Although, it is never too late to apply for services, SWTJC recommends that students begin the process at least 30 days before classes begin to allow them time to arrange for appropriate accommodations. The following steps should be taken by the student to ensure we provide them with adequate tools to help them succeed:

  1. Student should submit an online Application located on the  Disability Support Services Page
  2. The DSS representative assigned to the student will reach out to them via email or phone to request supporting documentation.
  3. Once all documentation is reviewed to determine the appropriate accommodations for the student, the DSS representative will reach out to the student and ask him/her to schedule an appointment to complete the intake process. (Appointments may be scheduled remotely or in-person)
  4. Students must attend the intake/planning meeting with their DSS representative in person or through Microsoft Teams by using their SWTJC credentials.
  5. After completing the intake process, accommodations will be sent out to instructors per students request.
  6. It is the student’s responsibility to discuss the accommodation plan in a timely manner with their instructor(s) for each class where accommodations are required.  Failure to initiate a plan may result in a delay in implementation of accommodations.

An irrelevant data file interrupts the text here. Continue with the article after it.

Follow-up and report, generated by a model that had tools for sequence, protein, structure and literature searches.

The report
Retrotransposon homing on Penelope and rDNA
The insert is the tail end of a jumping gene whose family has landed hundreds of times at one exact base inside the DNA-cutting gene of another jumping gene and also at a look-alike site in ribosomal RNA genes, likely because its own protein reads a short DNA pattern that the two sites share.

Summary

PLEASE NOTE: SWTJC must have the proper contact information for the student, not the parent. SWTJC  understands how difficult it can be for involved and caring parents, but due to the shift in laws between secondary and post-secondary schools, SWTJC is not allowed to proceed with the process without communicating with the student.
 
 
Disability Support Services
Fly Memorial Building
Southwest Texas Junior College
2401 Garner Field Road
Uvalde, TX 78801
(830) 591-2908
Dual Credit 
 
The Cotulla ISD Student Parent Handbook indicates under Dual-Credit Courses that if a student receives below a "C", they will need to reimburse the district for the cost of the course and textbook. 
 
Cost of course(s) per semester (Prices are subject to change)
3 hour college course = $244.69
6 hour college course = $489.38
9 hour college course = $734.07